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Employment Attorney Parker CO

lmost every organization has a corporate bully, but individuals, especially the most accomplished and successful, are increasingly being mistreated by their superiors and peers in the workplace. According to the research we at SingleEdition uncovered, bullies tend to be fueled by envy and resentment, which is typically brought out by high performing, well-liked employees who possess strong values and integrity.

Sean M Mccurdy
(303) 832-8870
9085 E. Mineral Circle, Suite 380
Centennial, CO
Specialties
Business, Employment, General Practice
State Licensing
Colorado

Diane Vaksdal Smith
(303) 792-5595
40 INVERNESS DR E
ENGLEWOOD, CO
Specialties
Employment, Appeals
Education
University of Denver College of Law,University of Wisconsin, Superior
State Licensing
Colorado

Kent Edward Eichstadt
(303) 832-8870
9085 East Mineral Circle, Suite 380
Centennial, CO
Specialties
Corporate, Civil Rights, Employment, Estate Planning
State Licensing
Colorado, Washington

Robert R Stewart Jr
(303) 694-2000
4 INVERNESS CT E STE 100
ENGLEWOOD, CO
Specialties
Estate Planning, Corporate, Mergers & Acquisitions, Contracts, Employment
Education
University of South Dakota School of Law,Northern State University,University of South Dakota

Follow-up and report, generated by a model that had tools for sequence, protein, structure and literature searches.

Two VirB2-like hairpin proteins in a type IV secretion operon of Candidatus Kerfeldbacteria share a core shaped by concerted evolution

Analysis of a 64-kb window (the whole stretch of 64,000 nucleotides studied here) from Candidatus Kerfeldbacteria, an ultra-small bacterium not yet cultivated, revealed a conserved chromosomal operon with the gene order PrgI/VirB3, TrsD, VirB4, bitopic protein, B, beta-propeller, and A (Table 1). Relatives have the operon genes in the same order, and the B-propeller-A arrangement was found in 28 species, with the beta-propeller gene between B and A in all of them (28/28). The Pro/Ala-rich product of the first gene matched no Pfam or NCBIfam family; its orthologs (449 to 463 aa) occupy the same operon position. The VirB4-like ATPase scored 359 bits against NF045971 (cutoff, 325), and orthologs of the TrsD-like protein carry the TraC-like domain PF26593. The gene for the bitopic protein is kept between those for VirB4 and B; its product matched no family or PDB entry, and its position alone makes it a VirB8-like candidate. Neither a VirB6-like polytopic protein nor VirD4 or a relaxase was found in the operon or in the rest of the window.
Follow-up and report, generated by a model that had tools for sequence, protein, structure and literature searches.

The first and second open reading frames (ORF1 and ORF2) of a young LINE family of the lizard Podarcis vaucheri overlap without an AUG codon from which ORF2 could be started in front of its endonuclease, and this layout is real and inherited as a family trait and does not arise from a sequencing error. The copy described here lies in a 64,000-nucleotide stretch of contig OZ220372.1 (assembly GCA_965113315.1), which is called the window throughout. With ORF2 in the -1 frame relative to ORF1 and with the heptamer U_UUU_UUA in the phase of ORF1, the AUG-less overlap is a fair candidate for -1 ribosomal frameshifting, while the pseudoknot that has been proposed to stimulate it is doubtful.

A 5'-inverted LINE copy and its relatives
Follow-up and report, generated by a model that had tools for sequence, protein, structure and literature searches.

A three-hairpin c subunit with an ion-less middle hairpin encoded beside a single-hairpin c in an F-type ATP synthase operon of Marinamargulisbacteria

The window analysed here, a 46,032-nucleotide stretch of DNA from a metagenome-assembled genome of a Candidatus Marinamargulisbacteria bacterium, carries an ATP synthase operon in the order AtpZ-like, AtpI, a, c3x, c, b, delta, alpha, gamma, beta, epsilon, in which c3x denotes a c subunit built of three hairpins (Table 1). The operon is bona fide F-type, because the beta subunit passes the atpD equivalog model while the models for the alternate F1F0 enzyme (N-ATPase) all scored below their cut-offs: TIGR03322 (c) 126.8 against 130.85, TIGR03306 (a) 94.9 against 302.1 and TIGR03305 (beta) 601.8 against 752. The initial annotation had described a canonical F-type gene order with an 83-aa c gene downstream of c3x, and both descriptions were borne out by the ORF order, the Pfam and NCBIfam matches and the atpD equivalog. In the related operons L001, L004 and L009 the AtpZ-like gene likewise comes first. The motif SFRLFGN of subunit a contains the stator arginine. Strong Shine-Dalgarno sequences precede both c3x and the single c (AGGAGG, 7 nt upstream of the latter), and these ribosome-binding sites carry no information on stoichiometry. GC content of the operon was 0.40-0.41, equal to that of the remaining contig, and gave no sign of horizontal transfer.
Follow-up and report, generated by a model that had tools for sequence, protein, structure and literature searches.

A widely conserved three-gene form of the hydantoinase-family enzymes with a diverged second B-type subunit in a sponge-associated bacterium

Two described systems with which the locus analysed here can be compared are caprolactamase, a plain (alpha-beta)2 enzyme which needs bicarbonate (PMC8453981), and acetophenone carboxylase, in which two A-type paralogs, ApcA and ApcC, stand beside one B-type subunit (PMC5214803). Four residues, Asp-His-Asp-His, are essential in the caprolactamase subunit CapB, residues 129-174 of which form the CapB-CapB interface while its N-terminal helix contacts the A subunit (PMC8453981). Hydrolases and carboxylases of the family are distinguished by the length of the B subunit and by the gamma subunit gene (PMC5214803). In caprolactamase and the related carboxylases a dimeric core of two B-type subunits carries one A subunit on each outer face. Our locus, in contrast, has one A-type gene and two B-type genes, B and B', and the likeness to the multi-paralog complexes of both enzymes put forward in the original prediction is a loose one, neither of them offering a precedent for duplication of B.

State Licensing
Colorado

Jack M Englert Jr
(303) 290-1087
8390 E CRESCENT PKWY STE 400
GREENWOOD VILLAGE, CO
Specialties
Employment, Insurance
Education
University of Texas School of Law,University of Denver,University of Texas
State Licensing
Colorado

Rosemary Orsini
(303) 792-5595
40 INVERNESS DR E
ENGLEWOOD, CO
Specialties
Employment, Personal Injury, Family
Education
University of Denver College of Law,University of Colorado
State Licensing
Colorado

Denise M. Brunson
(720) 785-8343
9401 East Panorama Cir., Brcoq4-01-999
Englewood, CO
Specialties
Business, Employment, Probate, Intellectual Property
Education
Northern Illinois University
State Licensing
Texas

Matthew Dean Macy
(303) 694-2000
4 Inverness Court East, Ste.100
Englewood, CO
Specialties
Employment, Intellectual Property, Contracts, Insurance, Real Estate
Education
Emory University
State Licensing
Colorado, Georgia

John Henry Inderwish
(720) 208-0111
6377 Revere Parkway # 400
Centennial, CO
Specialties
Personal Injury, Business, Employment
Education
Capital University
State Licensing
Colorado, Ohio

Dana L Eismeier
(303) 796-2626
6400 S FIDDLERS GREEN CIR STE 1000
GREENWOOD VILLAGE, CO
Specialties
Litigation, Environmental, Employment
Education
Notre Dame Law School,Alma College
State Licensing
Colorado

Are You a Victim of Singlism at Work?

At my last position in Corporate America, I was on the receiving end of a bully executive who was well entrenched with our C.E.O. This duplicitous "mean girl," ironically a movie she always cited, victimized many with her vicious rumor-spreading, mockery and verbal intimidation. With me, her point of attack was almost always aimed at my solo status. A salary increase was denied due to my "stylish wardrobe" which she felt was lavishly excessive, so too was an office of my own and several bonus hikes which my married peers with lesser degrees and profit margins all received.